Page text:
Monday, June 16, 2008

Why learn about aperture and shutter speed?

Auto modes do a good job of capturing the world as you see it. Most of the time, though, these kinds of photos are seen as "snapshots". The semi-manual modes (the "priority modes") on your camera can give you considerable control over your photos to produce the end-result that YOU want rather than just taking whatever comes out of the camera as-is.

So, here's some inspiration. (You can click on any of the photos to view a larger version, the EXIF data, leave comments, etc.)

Aperture Priority Mode:

Small-numbered apertures (like f/4) will give you a more shallow depth of field. This can be useful when you have an ugly background like in the photo below where the background would have been a bunch of scrub brush in the distance at the local dog park:
42 Profile

Another thing you can do with a shallow depth of field is place the viewer's attention on one specific thing like in this photo where I picked one particular tulip as the subject. Keeping the rest in-focus would have made the shot too busy and this one tulip (backlit so beautifully by the sun) would have gotten lost:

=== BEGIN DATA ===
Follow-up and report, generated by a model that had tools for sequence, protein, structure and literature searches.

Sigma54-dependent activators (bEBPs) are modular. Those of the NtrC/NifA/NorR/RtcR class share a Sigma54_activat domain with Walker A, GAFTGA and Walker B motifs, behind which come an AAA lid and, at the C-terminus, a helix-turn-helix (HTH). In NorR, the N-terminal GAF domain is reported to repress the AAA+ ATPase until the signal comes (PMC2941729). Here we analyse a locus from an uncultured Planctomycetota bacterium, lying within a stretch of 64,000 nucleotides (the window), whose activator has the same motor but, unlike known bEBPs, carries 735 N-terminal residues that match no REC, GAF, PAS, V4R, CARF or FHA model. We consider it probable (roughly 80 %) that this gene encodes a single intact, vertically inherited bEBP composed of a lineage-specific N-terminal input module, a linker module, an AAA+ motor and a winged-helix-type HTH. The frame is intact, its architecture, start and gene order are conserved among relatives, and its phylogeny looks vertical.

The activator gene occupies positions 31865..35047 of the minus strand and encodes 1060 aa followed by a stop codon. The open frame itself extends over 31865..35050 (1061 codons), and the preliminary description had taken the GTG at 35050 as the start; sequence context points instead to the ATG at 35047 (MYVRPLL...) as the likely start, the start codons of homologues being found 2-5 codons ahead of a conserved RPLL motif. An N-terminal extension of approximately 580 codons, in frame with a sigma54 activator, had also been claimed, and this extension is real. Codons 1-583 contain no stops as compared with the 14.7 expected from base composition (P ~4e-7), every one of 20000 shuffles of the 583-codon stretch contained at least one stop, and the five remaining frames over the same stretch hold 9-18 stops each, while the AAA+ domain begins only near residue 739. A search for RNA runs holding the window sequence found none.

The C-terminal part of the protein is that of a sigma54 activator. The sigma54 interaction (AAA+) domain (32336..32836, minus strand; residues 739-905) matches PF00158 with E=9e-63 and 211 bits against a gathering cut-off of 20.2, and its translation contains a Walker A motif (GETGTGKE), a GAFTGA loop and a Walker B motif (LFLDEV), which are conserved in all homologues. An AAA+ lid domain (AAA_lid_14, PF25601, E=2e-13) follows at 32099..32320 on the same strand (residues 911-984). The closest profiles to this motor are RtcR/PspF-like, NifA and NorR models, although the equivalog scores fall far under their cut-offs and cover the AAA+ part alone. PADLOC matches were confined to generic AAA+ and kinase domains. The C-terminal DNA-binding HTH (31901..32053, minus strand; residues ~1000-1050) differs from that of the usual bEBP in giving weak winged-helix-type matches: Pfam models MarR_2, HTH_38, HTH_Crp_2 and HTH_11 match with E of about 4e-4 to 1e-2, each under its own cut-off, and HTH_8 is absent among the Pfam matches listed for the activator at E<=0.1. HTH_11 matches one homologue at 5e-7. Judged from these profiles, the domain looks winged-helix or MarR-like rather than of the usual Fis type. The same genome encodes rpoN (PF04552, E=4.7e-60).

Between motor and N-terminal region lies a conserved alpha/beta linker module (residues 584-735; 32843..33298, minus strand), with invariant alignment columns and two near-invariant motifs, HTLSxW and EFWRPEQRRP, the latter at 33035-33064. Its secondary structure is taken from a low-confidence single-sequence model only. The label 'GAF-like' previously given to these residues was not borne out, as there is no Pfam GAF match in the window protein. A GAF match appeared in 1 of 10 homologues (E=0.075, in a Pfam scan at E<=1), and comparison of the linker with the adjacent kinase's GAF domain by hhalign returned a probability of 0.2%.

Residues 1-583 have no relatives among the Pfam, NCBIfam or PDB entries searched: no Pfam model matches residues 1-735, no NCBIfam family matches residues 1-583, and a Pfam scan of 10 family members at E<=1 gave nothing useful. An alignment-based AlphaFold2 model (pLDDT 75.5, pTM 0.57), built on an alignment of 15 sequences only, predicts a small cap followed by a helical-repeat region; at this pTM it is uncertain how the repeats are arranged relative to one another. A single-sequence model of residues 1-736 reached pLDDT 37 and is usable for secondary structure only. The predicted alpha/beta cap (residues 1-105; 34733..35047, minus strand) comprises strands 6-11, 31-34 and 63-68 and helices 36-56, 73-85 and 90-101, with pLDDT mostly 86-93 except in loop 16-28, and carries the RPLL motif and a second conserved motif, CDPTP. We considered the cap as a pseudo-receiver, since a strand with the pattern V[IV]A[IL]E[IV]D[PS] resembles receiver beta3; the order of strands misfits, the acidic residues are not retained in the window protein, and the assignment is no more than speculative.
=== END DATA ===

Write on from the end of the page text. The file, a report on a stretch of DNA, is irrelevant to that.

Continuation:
Large-numbered apertures give you larger depth of field, which allows everything in the shot to be in focus from near to far like this:
Sedona Tree

When taking shots at night, using a large-numbered aperture will give bright lights a star-like effect:
Eric's Eclipse

Shutter Speed Priority Mode:

A fast shutter speed will freeze action like this:

A slightly slower shutter speed like 1/60th to 1/125th can be hand held and moved along with something that's moving fast to create a "panned shot" like this one:

A slow shutter speed can be used for all sorts of things. The downside is you'll need a tripod for all of the following types of shots.

First, at about 1/6th to 1/8th of second you can blur the water in a waterfall to create a silky, milky water effect like this:
Kakabeka Falls

Or if you use 5 to 10 second exposures you can do light painting like this:
22.  "Light Painting"

Or "ghostly" photos like this:
Do you believe in ghosts?

And even longer exposures can give interesting results when you have lights that move like on ferris wheels or moving traffic like this:
LSD at night 2

I hope this gives you an idea of the kinds of decisions that are open to you when you know how to use the creative controls on your camera. Learning to use them isn't that hard, but the rewards are pretty awesome.


Anonymous said...

Great! This is very helpful. I am at exactly the stage that you mention and am currently addicted to experimenting in the ways that you have recommended. Thank you. Tom (Yahoo Beginners Photo Group)

Unknown said...


Thank you for the tips! This will help a lot with my action shots. Now all I have to do if figure out how to change the aperature and shutter speed on my camera. I have not done that at all. Love your pictures!


Rebecca Everett said...

Excellent explainations and love your photos. Rebecca